By Jayna Omaye
February 5, 2016
Richard Medeiros remembers when he would doze off while standing on the bus to get to work in town. The Nanakuli resident’s one- to two-hour commute started at 5 a.m. on Route 93, and by then he described it as “standing room only.”
“I’ve seen a few times that the bus was so full that other people had to be turned away,” said Medeiros, a member of the Nanakuli/Maili Neighborhood Board. “And I found that really concerning.”
Medeiros, who caught the bus into town for two years until about six months ago, said he hopes something will be done to address overcrowding on some of the routes from Waianae.
City Transportation Services Director Mike Formby said a 3:48 a.m. bus will be added in March to Route 93, which uses a 40-foot single bus that runs from Makaha Valley to downtown Honolulu, to relieve overcrowding. The day’s first 93 bus now starts at 4:03 a.m. Seat capacity is about 40 people, but officials found that the buses at 4:03 and 4:15 a.m. were servicing about 55 to 60 riders, he said.
“If you add a bus, people will sort of redistribute themselves based on their availability to get a seat,” Formby said last week.
Formby said a single bus is used — rather than a longer, articulated bus — because the road near Makaha Valley Towers is private and does not have a turnaround area. He said at this point there is no agreement with the landowner to construct a turnaround.
City Councilwoman Kymberly Pine, who represents the Leeward Coast, said residents have been voicing concern for a couple of years that it’s stressful to find an open seat at certain times and that some riders are forced to stand up during the entire trip to downtown Honolulu from the Waianae Coast.
She said the additional morning bus would help and that she is talking with private landowners to see whether they would be willing to work with the city and chip in to build a turnaround area.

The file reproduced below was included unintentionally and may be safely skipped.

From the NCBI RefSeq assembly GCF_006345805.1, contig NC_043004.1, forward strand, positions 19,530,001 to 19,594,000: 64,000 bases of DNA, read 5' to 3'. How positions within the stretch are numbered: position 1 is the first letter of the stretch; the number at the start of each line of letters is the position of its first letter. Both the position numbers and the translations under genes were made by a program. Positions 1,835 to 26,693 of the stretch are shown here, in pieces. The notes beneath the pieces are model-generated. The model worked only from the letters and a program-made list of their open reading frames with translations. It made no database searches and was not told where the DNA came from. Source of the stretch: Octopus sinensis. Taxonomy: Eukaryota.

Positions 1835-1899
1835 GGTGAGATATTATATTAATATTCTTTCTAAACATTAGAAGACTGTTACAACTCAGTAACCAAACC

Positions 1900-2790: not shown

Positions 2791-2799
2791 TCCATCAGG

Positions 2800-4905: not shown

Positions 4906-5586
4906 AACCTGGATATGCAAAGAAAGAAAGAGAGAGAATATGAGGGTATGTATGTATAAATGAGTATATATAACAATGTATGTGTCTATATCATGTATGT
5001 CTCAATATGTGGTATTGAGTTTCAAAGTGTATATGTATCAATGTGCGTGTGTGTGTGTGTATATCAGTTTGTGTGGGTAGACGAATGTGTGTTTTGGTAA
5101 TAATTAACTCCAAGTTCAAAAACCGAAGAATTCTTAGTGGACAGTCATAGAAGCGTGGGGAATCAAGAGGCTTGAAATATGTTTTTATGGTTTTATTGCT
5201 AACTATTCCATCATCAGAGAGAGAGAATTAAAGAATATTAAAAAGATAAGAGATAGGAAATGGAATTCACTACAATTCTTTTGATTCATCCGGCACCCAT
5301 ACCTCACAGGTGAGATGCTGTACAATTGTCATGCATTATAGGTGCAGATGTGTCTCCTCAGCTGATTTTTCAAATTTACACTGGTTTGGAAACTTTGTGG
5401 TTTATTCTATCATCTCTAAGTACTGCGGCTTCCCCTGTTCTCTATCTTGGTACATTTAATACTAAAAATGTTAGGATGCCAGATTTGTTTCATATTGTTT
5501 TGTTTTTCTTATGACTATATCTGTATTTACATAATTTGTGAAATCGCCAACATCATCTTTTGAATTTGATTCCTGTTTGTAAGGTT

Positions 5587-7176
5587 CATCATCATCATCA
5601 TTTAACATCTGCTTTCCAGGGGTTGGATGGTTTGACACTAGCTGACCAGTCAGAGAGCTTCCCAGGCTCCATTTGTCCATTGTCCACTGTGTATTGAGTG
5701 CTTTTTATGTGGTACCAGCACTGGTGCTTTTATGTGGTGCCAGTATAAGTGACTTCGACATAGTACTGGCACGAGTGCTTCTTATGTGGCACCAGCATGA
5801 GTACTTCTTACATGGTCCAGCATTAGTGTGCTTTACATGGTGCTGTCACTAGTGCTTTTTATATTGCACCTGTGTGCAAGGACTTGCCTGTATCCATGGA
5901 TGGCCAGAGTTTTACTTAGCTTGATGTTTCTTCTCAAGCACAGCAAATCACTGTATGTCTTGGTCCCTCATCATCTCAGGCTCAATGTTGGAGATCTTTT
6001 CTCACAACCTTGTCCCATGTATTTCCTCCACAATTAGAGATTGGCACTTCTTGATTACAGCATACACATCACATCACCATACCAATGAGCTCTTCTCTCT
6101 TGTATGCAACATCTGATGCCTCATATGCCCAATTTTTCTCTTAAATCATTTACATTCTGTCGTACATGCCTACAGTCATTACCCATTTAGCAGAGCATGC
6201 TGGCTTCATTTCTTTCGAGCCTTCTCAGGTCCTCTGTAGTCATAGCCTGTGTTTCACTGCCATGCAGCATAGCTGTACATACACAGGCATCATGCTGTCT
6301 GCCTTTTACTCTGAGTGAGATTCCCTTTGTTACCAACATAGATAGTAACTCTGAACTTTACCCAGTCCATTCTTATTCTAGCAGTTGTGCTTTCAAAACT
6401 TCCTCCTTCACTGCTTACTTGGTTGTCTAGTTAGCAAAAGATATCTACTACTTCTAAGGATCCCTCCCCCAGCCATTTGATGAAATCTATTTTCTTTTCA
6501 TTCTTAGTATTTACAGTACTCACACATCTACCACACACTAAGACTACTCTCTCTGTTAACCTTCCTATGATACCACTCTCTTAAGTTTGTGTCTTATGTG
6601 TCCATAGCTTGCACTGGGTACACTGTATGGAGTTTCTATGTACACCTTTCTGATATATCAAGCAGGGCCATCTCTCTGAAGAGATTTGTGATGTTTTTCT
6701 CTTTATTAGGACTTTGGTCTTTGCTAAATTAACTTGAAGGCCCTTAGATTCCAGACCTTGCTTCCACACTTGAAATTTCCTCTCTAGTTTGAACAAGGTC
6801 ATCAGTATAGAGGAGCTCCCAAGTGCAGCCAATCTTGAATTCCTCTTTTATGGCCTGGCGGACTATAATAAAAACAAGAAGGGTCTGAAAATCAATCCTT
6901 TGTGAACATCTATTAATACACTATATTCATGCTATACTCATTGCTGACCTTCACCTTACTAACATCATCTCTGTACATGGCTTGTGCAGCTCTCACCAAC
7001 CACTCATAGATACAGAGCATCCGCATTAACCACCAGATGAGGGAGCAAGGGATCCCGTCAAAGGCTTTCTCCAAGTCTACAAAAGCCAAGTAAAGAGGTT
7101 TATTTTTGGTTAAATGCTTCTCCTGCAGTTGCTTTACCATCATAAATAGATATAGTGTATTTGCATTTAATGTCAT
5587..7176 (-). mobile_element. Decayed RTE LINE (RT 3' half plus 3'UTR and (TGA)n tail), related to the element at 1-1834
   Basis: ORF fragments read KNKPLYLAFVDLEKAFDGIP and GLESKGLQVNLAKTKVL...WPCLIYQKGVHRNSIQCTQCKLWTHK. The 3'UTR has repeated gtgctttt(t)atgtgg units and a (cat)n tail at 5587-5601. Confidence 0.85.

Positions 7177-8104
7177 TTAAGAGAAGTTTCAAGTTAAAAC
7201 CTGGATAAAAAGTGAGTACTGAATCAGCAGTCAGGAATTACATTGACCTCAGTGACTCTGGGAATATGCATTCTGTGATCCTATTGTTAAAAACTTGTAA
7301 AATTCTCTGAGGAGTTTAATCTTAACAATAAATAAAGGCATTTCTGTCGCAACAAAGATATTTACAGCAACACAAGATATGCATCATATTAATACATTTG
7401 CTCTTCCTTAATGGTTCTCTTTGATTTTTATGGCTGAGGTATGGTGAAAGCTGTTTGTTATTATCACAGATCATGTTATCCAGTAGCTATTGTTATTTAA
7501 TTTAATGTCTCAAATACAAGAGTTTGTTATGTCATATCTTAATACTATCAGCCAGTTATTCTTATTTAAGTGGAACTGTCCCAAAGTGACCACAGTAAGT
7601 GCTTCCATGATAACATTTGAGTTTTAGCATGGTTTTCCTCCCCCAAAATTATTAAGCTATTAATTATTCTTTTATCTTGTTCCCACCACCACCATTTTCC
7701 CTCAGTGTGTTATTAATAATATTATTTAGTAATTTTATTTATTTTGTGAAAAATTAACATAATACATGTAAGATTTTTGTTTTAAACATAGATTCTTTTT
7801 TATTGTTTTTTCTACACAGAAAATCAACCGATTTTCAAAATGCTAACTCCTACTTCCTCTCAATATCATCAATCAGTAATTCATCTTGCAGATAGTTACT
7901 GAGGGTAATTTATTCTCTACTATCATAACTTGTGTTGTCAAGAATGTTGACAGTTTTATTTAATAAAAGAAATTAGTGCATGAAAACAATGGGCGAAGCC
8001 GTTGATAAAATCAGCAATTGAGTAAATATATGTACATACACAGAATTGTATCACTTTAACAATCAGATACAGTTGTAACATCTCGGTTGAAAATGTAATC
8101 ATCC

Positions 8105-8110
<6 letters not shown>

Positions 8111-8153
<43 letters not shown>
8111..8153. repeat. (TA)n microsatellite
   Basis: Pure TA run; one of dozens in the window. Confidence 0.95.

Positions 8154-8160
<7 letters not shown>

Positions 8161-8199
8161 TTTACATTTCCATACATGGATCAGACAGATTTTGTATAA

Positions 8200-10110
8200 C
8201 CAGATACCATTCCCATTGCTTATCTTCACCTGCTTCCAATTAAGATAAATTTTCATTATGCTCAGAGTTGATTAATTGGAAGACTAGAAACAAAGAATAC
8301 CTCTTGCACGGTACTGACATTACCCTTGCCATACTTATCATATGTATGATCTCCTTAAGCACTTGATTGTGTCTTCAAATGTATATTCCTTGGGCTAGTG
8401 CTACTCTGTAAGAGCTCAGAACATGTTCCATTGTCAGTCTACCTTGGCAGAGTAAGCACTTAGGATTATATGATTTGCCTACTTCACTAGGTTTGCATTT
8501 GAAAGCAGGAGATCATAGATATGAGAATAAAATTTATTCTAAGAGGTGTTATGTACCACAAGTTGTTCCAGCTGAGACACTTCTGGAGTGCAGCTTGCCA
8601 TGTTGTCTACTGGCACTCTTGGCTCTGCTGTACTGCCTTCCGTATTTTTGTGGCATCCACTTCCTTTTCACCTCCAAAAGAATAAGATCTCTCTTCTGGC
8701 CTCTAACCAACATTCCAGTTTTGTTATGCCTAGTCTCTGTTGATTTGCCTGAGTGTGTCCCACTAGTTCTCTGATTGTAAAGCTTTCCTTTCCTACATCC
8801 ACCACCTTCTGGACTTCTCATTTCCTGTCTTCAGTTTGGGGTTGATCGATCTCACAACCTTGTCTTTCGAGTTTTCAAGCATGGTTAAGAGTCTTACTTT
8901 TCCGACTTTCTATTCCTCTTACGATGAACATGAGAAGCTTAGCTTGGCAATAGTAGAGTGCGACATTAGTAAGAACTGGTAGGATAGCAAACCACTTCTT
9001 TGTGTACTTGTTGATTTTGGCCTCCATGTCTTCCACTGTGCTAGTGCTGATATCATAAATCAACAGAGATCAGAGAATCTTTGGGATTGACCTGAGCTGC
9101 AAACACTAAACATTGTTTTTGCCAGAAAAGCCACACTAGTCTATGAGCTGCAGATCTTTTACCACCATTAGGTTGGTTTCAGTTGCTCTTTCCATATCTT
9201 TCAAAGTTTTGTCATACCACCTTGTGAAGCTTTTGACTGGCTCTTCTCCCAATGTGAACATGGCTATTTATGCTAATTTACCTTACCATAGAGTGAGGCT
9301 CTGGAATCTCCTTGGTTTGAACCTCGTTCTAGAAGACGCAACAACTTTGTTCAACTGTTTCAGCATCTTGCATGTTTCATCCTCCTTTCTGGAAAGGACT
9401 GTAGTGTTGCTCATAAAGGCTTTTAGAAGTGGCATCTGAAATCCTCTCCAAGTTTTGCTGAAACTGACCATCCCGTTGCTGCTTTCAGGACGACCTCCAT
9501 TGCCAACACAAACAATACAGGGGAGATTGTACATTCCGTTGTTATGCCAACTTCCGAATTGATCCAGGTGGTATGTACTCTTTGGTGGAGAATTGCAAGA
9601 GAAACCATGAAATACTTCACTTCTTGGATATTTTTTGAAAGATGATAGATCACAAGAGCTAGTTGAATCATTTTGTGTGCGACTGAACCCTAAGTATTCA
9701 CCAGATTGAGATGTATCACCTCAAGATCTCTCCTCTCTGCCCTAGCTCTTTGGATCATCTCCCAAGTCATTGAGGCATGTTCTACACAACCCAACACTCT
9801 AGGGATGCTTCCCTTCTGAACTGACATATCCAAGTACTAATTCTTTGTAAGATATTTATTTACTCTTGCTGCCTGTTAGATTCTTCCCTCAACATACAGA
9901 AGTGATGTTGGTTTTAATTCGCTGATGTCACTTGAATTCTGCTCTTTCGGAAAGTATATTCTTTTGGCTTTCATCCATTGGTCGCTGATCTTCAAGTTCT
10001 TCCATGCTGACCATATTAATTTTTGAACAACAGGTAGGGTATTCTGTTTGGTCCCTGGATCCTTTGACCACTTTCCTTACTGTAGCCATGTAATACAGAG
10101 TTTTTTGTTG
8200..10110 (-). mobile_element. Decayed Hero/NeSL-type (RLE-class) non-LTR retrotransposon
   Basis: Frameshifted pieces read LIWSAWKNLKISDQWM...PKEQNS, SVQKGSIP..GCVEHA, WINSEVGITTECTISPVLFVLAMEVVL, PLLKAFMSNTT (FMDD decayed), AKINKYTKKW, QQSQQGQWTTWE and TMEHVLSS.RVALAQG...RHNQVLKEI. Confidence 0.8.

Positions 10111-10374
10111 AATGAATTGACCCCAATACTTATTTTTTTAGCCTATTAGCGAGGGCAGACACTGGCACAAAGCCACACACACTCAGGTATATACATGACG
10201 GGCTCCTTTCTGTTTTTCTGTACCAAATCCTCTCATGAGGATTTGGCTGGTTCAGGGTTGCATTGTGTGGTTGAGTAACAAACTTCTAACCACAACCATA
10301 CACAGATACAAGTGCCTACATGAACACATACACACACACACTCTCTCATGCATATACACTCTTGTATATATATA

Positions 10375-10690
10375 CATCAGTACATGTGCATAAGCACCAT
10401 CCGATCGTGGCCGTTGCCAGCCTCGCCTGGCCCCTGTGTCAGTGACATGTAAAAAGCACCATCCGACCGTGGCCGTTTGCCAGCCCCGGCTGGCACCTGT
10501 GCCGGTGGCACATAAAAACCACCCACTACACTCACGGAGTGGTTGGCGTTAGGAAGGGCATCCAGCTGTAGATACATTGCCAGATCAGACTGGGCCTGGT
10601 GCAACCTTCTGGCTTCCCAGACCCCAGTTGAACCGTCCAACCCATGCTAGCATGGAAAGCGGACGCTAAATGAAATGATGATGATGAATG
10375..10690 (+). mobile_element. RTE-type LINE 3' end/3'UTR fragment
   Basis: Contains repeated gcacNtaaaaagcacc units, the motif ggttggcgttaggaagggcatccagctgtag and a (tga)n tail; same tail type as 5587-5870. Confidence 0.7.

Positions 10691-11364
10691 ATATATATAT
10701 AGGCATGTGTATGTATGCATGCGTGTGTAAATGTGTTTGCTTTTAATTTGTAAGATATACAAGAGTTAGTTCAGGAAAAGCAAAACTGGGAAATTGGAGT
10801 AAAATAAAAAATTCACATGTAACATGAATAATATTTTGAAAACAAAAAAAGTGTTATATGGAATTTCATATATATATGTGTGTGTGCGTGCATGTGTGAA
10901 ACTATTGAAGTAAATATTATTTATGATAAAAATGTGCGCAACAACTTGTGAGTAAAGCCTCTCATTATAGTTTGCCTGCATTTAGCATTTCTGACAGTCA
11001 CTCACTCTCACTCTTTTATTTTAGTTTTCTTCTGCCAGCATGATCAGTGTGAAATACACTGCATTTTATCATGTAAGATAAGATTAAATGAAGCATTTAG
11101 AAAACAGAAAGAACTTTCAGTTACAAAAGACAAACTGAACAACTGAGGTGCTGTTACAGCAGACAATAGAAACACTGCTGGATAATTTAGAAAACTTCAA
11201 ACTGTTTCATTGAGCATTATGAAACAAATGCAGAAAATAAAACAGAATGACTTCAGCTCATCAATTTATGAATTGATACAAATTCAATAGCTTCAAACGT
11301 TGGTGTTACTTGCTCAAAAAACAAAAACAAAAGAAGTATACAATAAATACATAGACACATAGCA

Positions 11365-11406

“That’s just so sad to me that they (residents) have to get up that early to get to town. That’s why I want to fight for them to have a better experience,” Pine said. “It’s not just one thing that will help people. You have to do multiple things.”
Pine said she’s working with the city to address another concern on the Leeward Coast: overcrowding on Route C, the “country express” bus from Makaha Beach Park to Ala Moana Center.
Zenaida Velasco, who catches the C bus at 4:30 a.m. to Waikiki from Kapolei, said the bus started to become crowded about a year ago. She said she hopes more morning buses will be added to relieve the problem.
“I’m getting old,” said Velasco, 59, questioning whether she will end up standing on the bus ride until retirement. “It’s really, really crowded every day.”
Richard Landford, chairman of the Nanakuli/Maili Neighborhood Board’s transportation committee, said he hopes additional buses will be added in the morning and evenings for routes C and 93.
Medeiros said an additional morning bus could help. He added, “My real suggestion … is to have the director of TheBus come out to Waianae and to take the bus just to see what it’s like. I do think especially for the 93 that we do need more of them in the mornings.
Note: From her days as a high school student to the present, Senator Maile Shimabukuro has commuted daily on TheBus between the Wai’anae Coast and Honolulu. Today, her bus ride takes her from her home in Māʻili to the state capitol in the morning and from the capitol back to Māʻili in the evening.
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